Ismaili Culture and Transnationalism
Sharmina Mawani and Anjoom Mukadam
Articulating National and Religious Identities through Architecture: The Ismaili Centre, Toronto
This paper focused on the Nizari Ismaili Muslim community of Gujarati ancestry who migrated to Canada, beginning in the 1960s.
In order to foster a sense of ‘home’, the Ismailis established temporary jamatkhanas that were places of worship, and social spaces that offered psychological, educational, economic, as well as networking benefits. The eventual establishment of permanent jamatkhanas is indicative of the community planting its roots in Canadian soil and making it their home.
Taking the case study of the Ismaili Centre, Toronto (ICT), this paper discussed how the physical structure of the ICT, acts as a visible representation of the religious and national identities of the Ismailis.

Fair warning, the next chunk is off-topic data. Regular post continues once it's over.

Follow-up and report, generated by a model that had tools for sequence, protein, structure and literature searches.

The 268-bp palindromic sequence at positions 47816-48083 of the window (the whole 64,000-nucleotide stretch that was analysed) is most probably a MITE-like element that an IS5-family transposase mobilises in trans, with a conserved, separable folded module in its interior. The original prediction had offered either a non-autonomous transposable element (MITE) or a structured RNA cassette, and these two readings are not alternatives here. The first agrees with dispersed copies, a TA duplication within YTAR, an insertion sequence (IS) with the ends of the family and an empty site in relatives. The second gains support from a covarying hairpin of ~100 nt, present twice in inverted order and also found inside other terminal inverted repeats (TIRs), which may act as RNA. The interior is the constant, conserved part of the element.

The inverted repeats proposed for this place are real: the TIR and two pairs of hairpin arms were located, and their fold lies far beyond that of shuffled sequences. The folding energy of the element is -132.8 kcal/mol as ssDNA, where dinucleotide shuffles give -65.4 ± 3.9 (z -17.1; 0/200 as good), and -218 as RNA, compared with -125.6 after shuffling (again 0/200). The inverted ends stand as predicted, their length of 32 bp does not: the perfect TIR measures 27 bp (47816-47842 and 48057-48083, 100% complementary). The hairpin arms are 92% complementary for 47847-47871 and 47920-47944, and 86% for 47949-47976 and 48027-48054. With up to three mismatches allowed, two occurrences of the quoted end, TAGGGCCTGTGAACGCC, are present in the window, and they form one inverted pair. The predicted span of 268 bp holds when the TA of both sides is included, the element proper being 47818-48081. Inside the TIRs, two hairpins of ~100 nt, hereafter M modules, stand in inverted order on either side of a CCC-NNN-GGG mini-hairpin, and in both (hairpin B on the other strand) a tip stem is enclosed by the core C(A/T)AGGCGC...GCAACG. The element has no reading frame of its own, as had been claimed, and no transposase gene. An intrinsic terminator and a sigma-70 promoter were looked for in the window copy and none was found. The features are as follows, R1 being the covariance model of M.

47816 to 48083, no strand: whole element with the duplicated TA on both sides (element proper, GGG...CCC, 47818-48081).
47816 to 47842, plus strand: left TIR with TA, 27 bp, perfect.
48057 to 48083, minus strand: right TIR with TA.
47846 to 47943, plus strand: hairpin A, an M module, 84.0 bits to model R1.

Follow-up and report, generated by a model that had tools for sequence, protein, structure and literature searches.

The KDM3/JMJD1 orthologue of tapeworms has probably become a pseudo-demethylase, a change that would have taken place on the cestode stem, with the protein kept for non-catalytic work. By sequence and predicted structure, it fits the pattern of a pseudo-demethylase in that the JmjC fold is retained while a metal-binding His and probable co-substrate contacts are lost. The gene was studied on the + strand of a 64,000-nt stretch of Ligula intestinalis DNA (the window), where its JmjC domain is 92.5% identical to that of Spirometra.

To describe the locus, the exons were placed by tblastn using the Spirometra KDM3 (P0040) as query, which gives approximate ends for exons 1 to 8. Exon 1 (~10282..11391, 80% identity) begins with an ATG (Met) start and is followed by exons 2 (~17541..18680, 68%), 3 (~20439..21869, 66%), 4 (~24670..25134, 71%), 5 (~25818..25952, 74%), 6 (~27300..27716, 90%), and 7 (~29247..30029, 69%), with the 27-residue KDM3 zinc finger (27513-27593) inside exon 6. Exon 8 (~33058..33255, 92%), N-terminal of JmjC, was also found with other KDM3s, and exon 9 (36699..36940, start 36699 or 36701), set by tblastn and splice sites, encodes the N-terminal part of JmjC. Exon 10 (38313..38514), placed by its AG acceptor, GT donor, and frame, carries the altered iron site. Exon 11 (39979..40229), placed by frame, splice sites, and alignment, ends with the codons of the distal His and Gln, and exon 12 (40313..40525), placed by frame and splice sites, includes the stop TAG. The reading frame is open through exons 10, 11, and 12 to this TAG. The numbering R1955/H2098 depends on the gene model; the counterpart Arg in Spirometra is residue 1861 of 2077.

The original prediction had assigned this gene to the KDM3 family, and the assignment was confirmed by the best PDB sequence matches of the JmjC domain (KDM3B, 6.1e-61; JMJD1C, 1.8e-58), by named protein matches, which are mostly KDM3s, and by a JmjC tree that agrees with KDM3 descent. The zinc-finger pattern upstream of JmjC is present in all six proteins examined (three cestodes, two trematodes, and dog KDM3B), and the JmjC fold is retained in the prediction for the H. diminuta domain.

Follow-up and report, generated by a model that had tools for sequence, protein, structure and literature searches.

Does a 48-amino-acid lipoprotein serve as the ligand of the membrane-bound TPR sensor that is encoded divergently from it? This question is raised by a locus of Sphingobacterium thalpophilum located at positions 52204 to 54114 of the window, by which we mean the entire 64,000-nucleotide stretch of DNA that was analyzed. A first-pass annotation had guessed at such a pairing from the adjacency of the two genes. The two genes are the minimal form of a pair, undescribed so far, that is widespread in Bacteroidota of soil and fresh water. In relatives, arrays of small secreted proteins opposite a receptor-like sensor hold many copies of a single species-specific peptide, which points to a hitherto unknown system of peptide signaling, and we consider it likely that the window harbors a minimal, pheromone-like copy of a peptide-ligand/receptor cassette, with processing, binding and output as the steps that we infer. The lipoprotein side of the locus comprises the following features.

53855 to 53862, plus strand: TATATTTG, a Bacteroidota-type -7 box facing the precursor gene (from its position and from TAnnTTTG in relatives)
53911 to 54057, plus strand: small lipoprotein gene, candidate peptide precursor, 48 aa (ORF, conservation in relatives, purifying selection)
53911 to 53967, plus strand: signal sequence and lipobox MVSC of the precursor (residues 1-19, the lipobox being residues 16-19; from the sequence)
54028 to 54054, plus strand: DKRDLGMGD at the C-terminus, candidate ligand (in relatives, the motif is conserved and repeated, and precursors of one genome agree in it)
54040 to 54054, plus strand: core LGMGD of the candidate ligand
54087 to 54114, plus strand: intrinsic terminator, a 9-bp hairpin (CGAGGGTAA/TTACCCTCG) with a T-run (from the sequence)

It is clear in contemporary society that the formation of identities is a complex process as individuals lack one fixed identity; there exist multiple identities, hybrid identities and new identities that are continuously evolving. As the world becomes smaller and the notion of globalisation becomes more real than ever before, acts of extremism, terrorism and Islamophobia become key factors that shape the identities of global Muslims. For certain communities, such as the Ismailis, religion is an integral aspect of their identity. Although one’s religious identity may be more salient in given contexts, an individual can exhibit several identities at the same time.
Following the guidance of their spiritual leader (Aga Khan IV) to be loyal to the faith of Islam and the country in which they reside, this paper explored what it means when the ICT is referred to as an ‘ambassadorial building’ and the role that it plays to help ‘demystify’ Islam. Places of worship serve to mirror the ethos of a community and this paper also examined how the ICT embodies the Canadian values of multiculturalism and pluralism.